The pace of US jobs growth is set to have slowed further in December, as the Federal Reserve’s aggressive interest rate increases begin to weigh more heavily on economic activity.

The world’s largest economy is expected to have added 200,000 jobs in the final month of 2022, according to a consensus forecast compiled by Bloomberg, a step down from the 261,000 increase registered in November and well below last year’s peak of 714,000 jobs recorded in February.

The unemployment rate is expected to have steadied at 3.7 per cent, just above a historic low, the data set to be released by the Bureau of Labor Statistics at 8:30am ET will show, according to economists.

The US central bank is actively trying to cool down the labour market and curb demand for new hires as it seeks to alleviate price pressures that have pushed inflation to multi-decade highs. Since March, the Fed has raised its benchmark policy rate from near-zero to just below 4.5 per cent in one of the most aggressive campaigns in its history.

While the worst of the inflation shock appears to have passed, price pressures have taken hold in the services sector of the economy. In an interview with the Financial Times this week, Gita Gopinath, the first deputy managing director at the IMF, urged the Fed to “stay the course” in terms of tightening, arguing that inflation in the US has not “turned the corner yet”.

Amid a worker shortage that Fed officials warn will not be easily reversed, wage growth is running at a pace far out of step with the Fed’s 2 per cent inflation target.

In December, average hourly earnings are expected to have climbed another 0.4 per cent, slower than the previous period but still registering a 5 per cent annual pace. The labour force participation rate, which tracks the share of Americans either employed or looking for a job, remains stubbornly below its pre-pandemic level, at 62.2 per cent.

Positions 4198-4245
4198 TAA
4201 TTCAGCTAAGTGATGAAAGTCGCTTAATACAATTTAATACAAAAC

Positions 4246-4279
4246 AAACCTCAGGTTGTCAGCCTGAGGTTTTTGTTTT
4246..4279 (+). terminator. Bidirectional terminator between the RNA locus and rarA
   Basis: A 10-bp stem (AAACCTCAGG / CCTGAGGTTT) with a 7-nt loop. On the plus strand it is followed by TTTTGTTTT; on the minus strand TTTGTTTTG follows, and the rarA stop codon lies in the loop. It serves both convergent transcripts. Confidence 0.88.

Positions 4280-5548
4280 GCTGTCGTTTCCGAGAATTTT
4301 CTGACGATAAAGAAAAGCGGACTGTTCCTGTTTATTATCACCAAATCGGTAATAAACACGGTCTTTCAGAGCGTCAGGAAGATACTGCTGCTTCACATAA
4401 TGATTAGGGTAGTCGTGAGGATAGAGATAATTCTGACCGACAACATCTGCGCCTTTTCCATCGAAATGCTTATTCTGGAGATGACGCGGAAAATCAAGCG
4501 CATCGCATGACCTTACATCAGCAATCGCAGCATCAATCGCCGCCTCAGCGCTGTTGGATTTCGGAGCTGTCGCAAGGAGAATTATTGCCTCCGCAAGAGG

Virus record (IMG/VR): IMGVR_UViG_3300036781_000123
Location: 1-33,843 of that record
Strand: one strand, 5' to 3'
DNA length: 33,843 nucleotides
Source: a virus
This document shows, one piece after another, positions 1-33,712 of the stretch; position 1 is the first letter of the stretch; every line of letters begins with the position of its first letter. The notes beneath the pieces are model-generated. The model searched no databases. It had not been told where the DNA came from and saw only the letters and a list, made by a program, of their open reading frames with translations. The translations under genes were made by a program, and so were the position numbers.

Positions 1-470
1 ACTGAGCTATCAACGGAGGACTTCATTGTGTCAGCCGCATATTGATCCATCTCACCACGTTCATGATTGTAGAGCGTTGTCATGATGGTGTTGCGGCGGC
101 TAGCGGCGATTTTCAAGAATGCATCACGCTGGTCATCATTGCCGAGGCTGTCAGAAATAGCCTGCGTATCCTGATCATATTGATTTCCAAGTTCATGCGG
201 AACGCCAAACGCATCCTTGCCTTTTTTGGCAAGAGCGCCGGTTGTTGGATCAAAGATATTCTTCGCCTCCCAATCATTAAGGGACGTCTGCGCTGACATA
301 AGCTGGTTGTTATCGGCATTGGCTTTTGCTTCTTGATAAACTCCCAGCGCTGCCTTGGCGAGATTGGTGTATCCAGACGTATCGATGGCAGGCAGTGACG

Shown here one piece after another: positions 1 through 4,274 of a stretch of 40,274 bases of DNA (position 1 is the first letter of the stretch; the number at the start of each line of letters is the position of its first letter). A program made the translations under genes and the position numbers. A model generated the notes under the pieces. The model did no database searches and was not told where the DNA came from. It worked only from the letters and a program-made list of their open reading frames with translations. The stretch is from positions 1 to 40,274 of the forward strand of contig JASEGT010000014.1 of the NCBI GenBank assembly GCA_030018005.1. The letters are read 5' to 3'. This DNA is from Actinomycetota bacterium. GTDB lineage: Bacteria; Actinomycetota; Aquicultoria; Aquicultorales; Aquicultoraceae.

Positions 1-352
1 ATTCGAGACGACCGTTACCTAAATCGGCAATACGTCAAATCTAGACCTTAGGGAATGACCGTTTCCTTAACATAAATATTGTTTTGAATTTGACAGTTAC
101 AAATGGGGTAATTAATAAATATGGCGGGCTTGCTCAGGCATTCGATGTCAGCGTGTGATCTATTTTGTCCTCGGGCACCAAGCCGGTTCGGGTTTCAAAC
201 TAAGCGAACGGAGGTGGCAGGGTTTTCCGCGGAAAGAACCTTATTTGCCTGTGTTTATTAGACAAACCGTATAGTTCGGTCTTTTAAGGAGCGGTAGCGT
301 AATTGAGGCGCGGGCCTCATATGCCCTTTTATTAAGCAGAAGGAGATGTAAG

Policymakers at the Fed have acknowledged that stamping out inflation will require job losses and in turn a higher unemployment rate. According to the latest individual projections published by the Fed, most officials see the unemployment rate rising as high as 4.6 per cent this year and next as the benchmark policy rate surpasses 5 per cent and is held there for an extended period.

“Holding [above 5 per cent] until we get evidence that inflation is actually coming down is really the message we’re trying to put out there,” Esther George, the outgoing president of the Kansas City Fed, said on Thursday.

Striking a similar tone this week, Neel Kashkari of the Minneapolis Fed said he expects the central bank to raise the federal funds rate by another percentage point over the coming months. He will be a voting member on the policy-setting Federal Open Market Committee this year.

Should the Fed follow through with this aggressive path, economists warn more material job losses could be on the horizon. Those polled last month in a joint survey by the FT and the Initiative on Global Markets at the University of Chicago Booth School of Business forecast the unemployment rate reaching at least 5.5 per cent next year as the economy tips into a recession.

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